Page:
Perspectives on Learning Disabilities: Biological, Cognitive, Contextual

By Robert J. Sternberg; Louise Spear-Swerling | Go to book overview
Save to active project

Learning Disabilities: The Roads We Have Traveled and the Path to the Future

Linda S. Siegel

Learning disabilities are defined as significant difficulties in reading, spelling, arithmetic, and/or writing in spite of average or above-average intelligence. Learning disabilities have traditionally been defined by a diagnosis of exclusion; to be considered learning disabled, individuals must have average or above-average IQ test scores, have had access to adequate instruction, and not have had neurological problems or significant emotional disturbances that might be considered to be responsible for their difficulties in acquiring skills. For over 100 years, we have known about the existence of learning disabilities in some form, but often it seems as if we have made little progress in our understanding of this complex problem.

In this chapter, I discuss where we have traveled in our attempt to understand learning disabilities, the problems, the pitfalls, and the dead ends. I will provide (1) arguments and evidence that the identification of learning disabilities has been made an unnecessarily complex and complicated process, (2) a discussion of the major types of learning disabilities, (3) an outline of the role of IQ tests in the identification of learning disabilities, (4) suggestions for how we can help individuals with learning disabilities, and (5) some directions for the future.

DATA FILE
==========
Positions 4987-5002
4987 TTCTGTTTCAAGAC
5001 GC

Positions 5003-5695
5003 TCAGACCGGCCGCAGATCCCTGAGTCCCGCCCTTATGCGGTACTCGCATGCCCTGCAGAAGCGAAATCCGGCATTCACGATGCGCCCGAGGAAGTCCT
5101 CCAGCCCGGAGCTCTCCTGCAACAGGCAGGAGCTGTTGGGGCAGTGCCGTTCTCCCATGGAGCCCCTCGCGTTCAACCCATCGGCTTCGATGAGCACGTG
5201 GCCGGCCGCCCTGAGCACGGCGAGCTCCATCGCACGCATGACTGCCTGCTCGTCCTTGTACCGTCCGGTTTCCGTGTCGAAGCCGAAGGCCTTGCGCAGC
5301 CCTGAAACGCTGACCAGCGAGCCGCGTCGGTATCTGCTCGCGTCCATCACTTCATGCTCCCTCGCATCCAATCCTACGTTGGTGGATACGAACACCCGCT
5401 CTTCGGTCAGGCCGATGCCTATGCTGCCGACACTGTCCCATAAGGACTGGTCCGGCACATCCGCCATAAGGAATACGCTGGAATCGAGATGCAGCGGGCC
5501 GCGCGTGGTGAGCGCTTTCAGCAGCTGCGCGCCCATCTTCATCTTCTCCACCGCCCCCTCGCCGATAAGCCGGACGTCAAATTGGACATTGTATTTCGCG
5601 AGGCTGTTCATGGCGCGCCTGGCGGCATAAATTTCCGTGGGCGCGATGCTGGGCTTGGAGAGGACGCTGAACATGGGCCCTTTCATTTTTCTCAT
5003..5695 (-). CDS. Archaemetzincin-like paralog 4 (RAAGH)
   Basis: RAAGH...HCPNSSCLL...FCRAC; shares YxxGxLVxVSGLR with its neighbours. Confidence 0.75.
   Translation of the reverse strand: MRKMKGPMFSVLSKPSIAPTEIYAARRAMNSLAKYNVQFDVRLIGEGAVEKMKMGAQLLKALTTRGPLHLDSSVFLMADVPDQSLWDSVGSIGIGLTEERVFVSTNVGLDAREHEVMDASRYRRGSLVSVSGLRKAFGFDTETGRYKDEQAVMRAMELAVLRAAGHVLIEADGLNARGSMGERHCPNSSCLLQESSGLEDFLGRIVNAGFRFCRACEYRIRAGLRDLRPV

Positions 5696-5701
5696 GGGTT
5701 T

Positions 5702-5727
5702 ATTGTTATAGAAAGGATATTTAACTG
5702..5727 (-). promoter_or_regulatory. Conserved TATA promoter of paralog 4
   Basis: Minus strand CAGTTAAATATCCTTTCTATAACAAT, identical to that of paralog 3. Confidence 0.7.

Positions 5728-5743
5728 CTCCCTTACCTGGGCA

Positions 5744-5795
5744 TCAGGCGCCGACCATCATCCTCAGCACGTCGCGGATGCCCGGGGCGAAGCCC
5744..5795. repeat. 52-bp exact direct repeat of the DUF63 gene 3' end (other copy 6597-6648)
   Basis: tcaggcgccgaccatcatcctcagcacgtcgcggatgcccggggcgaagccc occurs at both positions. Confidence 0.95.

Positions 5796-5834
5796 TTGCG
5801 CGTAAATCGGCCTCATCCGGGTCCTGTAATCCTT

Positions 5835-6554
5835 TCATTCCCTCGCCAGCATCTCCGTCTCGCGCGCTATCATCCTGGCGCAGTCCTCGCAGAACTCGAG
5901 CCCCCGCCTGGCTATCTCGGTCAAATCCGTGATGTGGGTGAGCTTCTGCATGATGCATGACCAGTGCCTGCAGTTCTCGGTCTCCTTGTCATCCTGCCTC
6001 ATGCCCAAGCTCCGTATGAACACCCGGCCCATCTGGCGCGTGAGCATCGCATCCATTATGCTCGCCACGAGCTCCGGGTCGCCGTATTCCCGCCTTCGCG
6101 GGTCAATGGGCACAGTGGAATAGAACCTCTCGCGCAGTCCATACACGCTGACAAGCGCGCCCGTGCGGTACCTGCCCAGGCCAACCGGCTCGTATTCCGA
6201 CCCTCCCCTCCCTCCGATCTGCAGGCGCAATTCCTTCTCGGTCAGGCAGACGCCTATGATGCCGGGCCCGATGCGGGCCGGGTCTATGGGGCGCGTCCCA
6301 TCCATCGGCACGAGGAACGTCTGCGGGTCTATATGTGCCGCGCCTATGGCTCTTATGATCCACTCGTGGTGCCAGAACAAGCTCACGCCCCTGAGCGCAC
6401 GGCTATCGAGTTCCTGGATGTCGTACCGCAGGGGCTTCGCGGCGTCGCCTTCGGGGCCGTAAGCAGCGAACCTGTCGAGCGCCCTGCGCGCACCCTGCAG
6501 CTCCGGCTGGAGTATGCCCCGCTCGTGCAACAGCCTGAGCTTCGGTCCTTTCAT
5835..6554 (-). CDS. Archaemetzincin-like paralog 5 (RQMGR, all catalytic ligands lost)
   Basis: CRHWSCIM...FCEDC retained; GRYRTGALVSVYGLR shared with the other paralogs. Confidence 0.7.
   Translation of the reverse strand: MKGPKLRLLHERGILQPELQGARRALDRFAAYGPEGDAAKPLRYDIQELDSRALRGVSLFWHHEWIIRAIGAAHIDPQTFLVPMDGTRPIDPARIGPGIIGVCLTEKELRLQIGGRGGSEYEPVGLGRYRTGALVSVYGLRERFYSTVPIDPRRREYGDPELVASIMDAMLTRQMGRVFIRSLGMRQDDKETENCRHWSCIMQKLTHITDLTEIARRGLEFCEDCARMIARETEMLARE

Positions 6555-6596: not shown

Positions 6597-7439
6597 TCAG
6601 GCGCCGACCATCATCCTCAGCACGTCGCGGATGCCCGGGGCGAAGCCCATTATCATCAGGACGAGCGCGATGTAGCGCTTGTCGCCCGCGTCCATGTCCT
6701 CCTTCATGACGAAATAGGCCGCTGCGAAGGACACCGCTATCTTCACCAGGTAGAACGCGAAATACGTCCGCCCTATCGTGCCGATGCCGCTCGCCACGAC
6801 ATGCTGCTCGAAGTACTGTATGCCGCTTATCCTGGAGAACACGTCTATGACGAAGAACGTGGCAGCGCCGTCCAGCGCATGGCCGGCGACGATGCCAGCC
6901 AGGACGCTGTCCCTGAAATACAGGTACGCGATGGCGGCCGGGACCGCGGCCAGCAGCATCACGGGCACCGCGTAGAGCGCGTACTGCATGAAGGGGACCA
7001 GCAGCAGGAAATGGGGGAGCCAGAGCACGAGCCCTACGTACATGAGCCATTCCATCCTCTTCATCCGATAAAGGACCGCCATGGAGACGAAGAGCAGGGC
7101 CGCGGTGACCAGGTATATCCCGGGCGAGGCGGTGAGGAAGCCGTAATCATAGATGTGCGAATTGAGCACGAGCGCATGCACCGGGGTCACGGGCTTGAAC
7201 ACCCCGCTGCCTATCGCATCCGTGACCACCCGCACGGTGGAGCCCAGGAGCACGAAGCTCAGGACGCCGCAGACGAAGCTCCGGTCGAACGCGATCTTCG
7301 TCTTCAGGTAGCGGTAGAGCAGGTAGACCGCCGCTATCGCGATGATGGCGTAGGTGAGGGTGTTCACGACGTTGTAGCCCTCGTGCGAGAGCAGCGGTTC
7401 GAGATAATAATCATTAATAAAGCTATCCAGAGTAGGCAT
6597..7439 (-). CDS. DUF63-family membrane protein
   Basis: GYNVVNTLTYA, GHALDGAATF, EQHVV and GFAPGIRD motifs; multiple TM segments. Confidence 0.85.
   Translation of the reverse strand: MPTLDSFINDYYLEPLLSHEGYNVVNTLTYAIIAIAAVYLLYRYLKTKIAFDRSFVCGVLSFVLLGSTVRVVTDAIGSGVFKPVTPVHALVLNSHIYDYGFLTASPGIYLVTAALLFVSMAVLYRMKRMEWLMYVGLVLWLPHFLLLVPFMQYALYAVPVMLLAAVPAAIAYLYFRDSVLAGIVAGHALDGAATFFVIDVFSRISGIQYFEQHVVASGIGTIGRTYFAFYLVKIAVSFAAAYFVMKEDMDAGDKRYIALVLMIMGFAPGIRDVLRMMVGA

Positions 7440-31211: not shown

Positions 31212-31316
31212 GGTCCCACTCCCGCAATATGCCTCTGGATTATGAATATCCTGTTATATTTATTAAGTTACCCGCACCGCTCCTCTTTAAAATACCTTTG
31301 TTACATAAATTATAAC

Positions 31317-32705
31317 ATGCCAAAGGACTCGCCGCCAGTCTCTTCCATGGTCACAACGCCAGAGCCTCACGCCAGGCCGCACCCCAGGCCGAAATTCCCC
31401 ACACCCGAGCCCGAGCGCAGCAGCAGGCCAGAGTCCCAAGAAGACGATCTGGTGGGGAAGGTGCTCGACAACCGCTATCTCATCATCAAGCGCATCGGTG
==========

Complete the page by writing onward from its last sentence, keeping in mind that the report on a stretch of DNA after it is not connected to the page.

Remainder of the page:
The research described in this chapter was supported by a grant from the Natural Sciences and Engineering Research Council of Canada. I would like to thank Kim Kozuki for secretarial assistance.


Notes for this page

Add a new note
If you are trying to select text to create highlights or citations, remember that you must now click or tap on the first word, and then click or tap on the last word.
Loading One moment ...
Project items
Cite this page

Cited page

Citations are available only to our active members.
Sign up now to cite pages or passages in MLA, APA and Chicago citation styles.

Cited page

Bookmark this page
Perspectives on Learning Disabilities: Biological, Cognitive, Contextual


Text size Smaller Larger
Search within

Search within this book

Look up

Look up a word

  • Dictionary
  • Thesaurus
Please submit a word or phrase above.
Print this page

Print this page

Why can't I print more than one page at a time?

While we understand printed pages are helpful to our users, this limitation is necessary to help protect our publishers' copyrighted material and prevent its unlawful distribution. We are sorry for any inconvenience.
Full screen
/ 296

matching results for page

Cited passage

Citations are available only to our active members.
Sign up now to cite pages or passages in MLA, APA and Chicago citation styles.

Cited passage

Welcome to the new Questia Reader

The Questia Reader has been updated to provide you with an even better online reading experience.  It is now 100% Responsive, which means you can read our books and articles on any sized device you wish.  All of your favorite tools like notes, highlights, and citations are still here, but the way you select text has been updated to be easier to use, especially on touchscreen devices.  Here's how:

1. Click or tap the first word you want to select.
2. Click or tap the last word you want to select.

OK, got it!

Thanks for trying Questia!

Please continue trying out our research tools, but please note, full functionality is available only to our active members.

Your work will be lost once you leave this Web page.

For full access in an ad-free environment, sign up now for a FREE, 1-day trial.

Already a member? Log in now.

Are you sure you want to delete this highlight?